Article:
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OS/400 Edition
Volume 12, Number 2 -- January 13, 2003

COMMON Goes Industrial with Special Track at Indy


by Alex Woodie

Manufacturing and distribution will be in the fast lane at the COMMON conference in Indianapolis. The OS/400 users group announced last month that it will be offering a special track of classes targeting manufacturing and distribution concepts at the upcoming conference. Specific session-related details are still being nailed down, but a COMMON spokesman said that attendees will have six or seven industry-specific sessions to choose from during the five-day conference.


The special track of manufacturing and distribution classes will be geared toward non-technical users and will help them to understand how general business concepts--such as inventory, revenue, and fixed assets--tie into the ERP, CRM, and SCM software packages used by manufacturing and distribution operations. General topics expected to be covered by the classes include e-business on-demand, WebSphere, Connect for iSeries, B2B software, and Java.

Bob Krzeczowski, a COMMON volunteer working on the industry courses, said attendees can expect to walk away from the classes with the knowledge of how particular types of industry solutions can help the bottom line of a company. "One of the things folks will see in these sessions is a financial spin: 'How can I save money in my inventory control?' " he said. "These classes are much more focused on the bottom line for a company, and on a particular solution."

These classes won't shy away from mentioning how specific applications from third-party software vendors were implemented to solve a business problem. "Could it be MAPICS? Yes. Could it be WebSphere? Sure. Could it be a homegrown application? Absolutely," Krzeczowski said. "That's the way they're going to be structured: 'What kind of solution can I provide to have a direct impact on my bottom line?' "

While COMMON has historically avoided offering classes that endorse third-party products, it has been loosening those restrictions for recent shows. At the last conference, for instance, there were product-specific sessions given by ERP software vendor MAPICS, security software vendor PentaSafe Security Technologies (now part of NetIQ, and development tools and application framework provider LANSA. Experts who work for vendors have always been allowed to present at COMMON. But until recently it has been taboo for those experts to talk about the products their companies develop and sell (unless, of course, you work for IBM).

Class topics are always in flux. But the decision by COMMON, made during former president Charlie Massoglia's term, to allow more information about third-party products into the classroom was a deliberate move to try to appease the vendors, who are an important part of the conference ecosystem and have been complaining of low turnout for the last couple of expos. The decision to bring in more non-technical content targeted toward decision-makers can also be seen in the light of dropping attendance for the last eight or so conferences.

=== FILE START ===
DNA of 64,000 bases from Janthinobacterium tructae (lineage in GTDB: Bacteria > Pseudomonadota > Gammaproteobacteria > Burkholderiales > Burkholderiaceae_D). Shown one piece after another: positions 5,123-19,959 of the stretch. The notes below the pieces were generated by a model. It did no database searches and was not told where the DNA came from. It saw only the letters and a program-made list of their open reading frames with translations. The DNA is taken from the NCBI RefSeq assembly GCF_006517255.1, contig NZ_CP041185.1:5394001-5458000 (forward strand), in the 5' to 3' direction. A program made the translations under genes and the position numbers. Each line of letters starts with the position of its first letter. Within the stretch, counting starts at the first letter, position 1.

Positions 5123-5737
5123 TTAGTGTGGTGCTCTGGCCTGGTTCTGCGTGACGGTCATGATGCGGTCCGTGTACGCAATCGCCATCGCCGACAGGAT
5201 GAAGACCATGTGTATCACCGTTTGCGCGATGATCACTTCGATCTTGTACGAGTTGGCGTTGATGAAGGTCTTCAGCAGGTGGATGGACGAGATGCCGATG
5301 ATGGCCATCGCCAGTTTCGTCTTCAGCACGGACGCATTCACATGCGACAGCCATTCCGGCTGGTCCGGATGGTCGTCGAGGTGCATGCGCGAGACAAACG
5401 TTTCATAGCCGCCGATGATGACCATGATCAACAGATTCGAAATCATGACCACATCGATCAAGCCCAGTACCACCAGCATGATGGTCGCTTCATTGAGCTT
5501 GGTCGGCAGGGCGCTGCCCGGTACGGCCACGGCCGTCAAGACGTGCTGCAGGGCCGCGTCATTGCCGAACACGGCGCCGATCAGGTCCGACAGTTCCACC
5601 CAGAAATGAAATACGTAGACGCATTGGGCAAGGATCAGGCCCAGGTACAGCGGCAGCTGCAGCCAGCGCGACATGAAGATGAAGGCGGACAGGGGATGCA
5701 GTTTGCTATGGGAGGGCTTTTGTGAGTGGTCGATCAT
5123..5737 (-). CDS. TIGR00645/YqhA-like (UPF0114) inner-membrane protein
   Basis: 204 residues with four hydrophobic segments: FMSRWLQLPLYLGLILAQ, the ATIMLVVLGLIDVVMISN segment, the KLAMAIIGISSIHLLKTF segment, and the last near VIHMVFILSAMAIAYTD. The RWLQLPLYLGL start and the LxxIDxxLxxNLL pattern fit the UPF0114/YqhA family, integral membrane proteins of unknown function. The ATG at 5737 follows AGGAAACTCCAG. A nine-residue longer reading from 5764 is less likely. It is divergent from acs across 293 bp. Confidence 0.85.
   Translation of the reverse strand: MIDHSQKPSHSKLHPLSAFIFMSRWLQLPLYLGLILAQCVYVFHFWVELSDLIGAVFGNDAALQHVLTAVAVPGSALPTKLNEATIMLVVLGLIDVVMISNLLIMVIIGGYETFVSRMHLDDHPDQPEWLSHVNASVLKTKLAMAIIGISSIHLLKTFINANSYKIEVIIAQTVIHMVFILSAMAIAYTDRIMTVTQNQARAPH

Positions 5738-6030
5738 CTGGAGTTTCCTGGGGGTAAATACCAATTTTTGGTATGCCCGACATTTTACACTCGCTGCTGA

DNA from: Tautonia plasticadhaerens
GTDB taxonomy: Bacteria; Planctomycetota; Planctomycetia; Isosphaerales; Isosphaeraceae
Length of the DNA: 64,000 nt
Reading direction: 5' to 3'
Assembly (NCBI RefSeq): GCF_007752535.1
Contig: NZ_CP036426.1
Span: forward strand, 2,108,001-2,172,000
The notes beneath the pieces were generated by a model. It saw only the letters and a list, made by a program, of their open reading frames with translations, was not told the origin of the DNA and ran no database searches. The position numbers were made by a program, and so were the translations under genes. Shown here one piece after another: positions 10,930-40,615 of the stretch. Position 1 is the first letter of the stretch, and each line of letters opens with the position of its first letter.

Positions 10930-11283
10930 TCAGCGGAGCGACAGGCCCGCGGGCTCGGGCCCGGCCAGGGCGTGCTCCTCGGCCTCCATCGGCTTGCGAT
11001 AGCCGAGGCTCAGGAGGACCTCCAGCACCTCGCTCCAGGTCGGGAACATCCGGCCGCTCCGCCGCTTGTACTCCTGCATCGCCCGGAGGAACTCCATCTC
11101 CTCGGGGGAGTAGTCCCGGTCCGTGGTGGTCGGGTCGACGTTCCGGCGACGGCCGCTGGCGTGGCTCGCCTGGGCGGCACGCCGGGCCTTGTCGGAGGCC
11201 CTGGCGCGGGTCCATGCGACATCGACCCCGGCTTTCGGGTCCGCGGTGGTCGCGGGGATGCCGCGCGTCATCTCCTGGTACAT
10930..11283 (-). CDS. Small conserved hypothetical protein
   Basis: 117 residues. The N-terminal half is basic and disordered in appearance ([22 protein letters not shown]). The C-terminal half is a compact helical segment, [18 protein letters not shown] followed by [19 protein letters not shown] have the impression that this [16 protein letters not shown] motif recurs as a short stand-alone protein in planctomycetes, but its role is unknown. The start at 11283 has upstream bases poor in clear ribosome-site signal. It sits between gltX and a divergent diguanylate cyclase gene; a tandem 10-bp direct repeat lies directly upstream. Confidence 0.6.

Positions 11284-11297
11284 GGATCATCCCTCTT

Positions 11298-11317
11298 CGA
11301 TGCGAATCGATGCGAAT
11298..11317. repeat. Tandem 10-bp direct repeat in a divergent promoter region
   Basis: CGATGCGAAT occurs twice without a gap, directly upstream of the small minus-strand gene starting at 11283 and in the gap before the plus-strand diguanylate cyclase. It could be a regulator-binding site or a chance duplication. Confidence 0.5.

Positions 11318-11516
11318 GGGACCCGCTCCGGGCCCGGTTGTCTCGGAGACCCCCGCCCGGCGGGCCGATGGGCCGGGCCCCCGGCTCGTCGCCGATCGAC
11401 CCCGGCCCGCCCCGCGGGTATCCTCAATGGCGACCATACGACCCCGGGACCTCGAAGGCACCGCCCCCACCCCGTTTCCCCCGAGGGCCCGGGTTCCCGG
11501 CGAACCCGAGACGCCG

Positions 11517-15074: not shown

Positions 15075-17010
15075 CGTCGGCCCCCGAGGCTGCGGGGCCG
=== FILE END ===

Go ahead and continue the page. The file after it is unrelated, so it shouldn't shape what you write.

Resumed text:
COMMON has offered industry-specific education in the past. What's different this time around is that COMMON is working with IBM's Small and Medium Business Group to pick class topics and content and arrange for people to present them. Also, the six or seven industry-specific classes scheduled for Indianapolis will be grouped in a sequence, on a certain day, making it easier for people to attend. "What we're tying to do is formalize it and make it available in a condensed version," Krzeczowski said.

COMMON expects to continue to offer these special industry-specific tracks at future conferences, with concentrations on other industries, possibly retail, healthcare, financial/insurance, and other strongholds of the OS/400 platform. Krzeczowski says the special track industry-specific classes will most likely be expanded for the fall 2003 show in Orlando, Florida.

More than 700 sessions will be offered at the next COMMON conference, being held at the Indianapolis Convention Center from March 9 through March 13. Registration is now open. The registration fee, which is currently $1,295, goes up to $1,495 after February 4.


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THIS ISSUE
SPONSORED BY:

DataMirror
SoftLanding Systems
MB Software & Consulting
Bytware
Infinium Software
ASNA/Guild Companies


BACK ISSUES

TABLE OF
CONTENTS
Power5 Means Powerful iSeries Iron Is Possible

Zollar Named New GM of iSeries, Duncan Goes to Software Group

IBM Outsources xSeries Server Manufacturing

Admin Alert: Two OS/400 Performance-Adjustment Settings to Check

COMMON Goes Industrial with Special Track at Indy

But Wait, There's More. . .


Editor
Timothy Prickett Morgan

Managing Editor
Shannon Pastore

Contributing Editors:
Dan Burger
Joe Hertvik
Kevin Vandever
Shannon O'Donnell
Victor Rozek
Hesh Wiener
Alex Woodie

Publisher and
Advertising Director:

Jenny Thomas

Advertising Sales Representative
Kim Reed

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